That simplicity explains why so many people use AsyncTasks. But it also comes with a severe pitfall: a risk for memory leaks. It’s not the AsyncTask in itself that’s the risk but the fact that this class is so simple to use that you could easily throw a little anonymous class in your Activity to do the job and not realize how wrong what you just did is: if you implement an AsyncTask as an inner class or an anonymous one, your task will keep an implicit reference to the enclosing class, that is your activity. This means that your activity can’t really be destroyed and garbage collected in case of a device rotation (or any other configuration change) until that background task is finished.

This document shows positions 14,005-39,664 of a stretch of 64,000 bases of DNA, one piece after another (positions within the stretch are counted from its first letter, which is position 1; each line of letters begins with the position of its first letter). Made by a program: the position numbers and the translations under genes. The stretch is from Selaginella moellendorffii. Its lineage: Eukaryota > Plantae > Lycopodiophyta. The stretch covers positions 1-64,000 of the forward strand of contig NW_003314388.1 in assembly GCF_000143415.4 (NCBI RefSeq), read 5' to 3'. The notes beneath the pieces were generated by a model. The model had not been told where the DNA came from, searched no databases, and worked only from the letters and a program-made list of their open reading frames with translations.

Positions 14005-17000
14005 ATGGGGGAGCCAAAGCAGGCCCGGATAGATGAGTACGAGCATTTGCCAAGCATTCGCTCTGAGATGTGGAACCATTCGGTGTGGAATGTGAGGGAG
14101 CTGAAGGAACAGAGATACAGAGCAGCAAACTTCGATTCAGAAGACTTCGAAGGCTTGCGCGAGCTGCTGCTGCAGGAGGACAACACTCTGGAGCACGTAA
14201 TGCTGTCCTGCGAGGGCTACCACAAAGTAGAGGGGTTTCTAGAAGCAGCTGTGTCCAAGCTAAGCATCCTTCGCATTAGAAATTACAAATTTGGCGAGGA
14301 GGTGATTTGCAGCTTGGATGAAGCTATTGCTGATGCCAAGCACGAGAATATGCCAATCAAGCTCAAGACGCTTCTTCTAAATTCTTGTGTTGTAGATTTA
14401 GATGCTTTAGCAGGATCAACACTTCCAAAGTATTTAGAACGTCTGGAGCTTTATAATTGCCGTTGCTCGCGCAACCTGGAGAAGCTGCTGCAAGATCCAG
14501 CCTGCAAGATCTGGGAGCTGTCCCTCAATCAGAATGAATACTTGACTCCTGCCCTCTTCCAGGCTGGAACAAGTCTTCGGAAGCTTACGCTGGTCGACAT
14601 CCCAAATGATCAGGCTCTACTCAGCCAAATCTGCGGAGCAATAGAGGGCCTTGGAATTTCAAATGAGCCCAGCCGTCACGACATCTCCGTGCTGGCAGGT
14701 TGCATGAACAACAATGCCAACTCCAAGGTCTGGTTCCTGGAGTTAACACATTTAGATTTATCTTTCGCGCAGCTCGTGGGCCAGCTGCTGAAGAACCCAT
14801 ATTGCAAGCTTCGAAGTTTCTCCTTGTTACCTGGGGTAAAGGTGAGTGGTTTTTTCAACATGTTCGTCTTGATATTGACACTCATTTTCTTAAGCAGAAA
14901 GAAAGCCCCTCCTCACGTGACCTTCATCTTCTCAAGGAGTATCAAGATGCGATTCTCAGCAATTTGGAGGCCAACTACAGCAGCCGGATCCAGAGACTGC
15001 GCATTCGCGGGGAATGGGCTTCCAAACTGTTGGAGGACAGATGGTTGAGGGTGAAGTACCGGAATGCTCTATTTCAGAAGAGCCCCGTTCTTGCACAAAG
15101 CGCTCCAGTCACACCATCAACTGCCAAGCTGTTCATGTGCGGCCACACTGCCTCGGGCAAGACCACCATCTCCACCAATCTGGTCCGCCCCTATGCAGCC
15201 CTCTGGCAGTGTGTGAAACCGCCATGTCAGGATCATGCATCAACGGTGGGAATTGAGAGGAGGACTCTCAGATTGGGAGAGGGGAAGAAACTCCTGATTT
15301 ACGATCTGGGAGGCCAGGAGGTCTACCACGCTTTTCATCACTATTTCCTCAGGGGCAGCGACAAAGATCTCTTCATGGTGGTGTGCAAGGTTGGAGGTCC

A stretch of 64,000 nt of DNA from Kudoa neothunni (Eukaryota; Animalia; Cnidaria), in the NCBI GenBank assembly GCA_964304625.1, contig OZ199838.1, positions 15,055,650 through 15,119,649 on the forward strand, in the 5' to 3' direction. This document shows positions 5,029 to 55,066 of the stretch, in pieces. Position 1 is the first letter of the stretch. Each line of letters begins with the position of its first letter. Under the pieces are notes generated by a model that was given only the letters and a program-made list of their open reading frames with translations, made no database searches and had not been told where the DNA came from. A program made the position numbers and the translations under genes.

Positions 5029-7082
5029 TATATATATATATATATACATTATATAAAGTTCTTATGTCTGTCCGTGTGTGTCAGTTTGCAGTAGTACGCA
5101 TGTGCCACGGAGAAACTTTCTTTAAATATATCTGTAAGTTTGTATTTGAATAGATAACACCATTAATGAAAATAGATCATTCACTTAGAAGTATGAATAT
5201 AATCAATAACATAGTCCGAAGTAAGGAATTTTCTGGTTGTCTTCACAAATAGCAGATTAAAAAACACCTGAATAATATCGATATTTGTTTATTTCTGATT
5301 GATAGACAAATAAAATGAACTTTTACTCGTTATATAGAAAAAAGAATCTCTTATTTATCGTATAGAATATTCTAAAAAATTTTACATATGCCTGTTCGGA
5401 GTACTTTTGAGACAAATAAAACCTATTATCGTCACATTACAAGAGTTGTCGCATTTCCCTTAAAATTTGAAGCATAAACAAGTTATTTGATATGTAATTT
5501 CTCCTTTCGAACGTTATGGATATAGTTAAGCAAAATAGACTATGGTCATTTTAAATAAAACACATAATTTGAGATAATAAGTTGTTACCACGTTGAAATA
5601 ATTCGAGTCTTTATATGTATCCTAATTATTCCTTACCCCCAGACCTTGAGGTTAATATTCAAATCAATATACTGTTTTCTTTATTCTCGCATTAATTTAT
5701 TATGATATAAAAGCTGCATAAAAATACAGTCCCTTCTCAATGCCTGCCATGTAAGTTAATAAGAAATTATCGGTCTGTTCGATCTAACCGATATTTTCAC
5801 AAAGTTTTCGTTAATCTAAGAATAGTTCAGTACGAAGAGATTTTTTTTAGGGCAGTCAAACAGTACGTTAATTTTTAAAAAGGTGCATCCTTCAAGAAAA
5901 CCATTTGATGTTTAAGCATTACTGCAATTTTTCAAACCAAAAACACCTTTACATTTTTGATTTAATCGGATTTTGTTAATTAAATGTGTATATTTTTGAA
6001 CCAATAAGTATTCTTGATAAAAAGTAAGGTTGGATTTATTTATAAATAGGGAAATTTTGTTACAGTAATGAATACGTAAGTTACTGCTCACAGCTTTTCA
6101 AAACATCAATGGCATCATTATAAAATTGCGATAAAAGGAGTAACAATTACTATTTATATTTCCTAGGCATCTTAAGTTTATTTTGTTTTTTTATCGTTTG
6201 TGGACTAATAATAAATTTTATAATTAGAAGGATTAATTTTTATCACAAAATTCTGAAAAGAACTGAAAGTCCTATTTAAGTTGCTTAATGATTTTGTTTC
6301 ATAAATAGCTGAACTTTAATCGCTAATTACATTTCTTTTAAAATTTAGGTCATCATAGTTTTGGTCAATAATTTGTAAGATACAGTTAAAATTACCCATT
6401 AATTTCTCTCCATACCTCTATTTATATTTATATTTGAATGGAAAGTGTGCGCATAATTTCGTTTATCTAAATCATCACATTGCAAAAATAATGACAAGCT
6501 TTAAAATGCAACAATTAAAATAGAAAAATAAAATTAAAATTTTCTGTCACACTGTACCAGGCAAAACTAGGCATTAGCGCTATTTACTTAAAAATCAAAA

It’s possible that a device may not have internet access, nor GPS, and just recently rebooted–invalidating Tempo’s cache. In that situation, your only choice is to use the
System.currentTimeMillis() as a fallback strategy.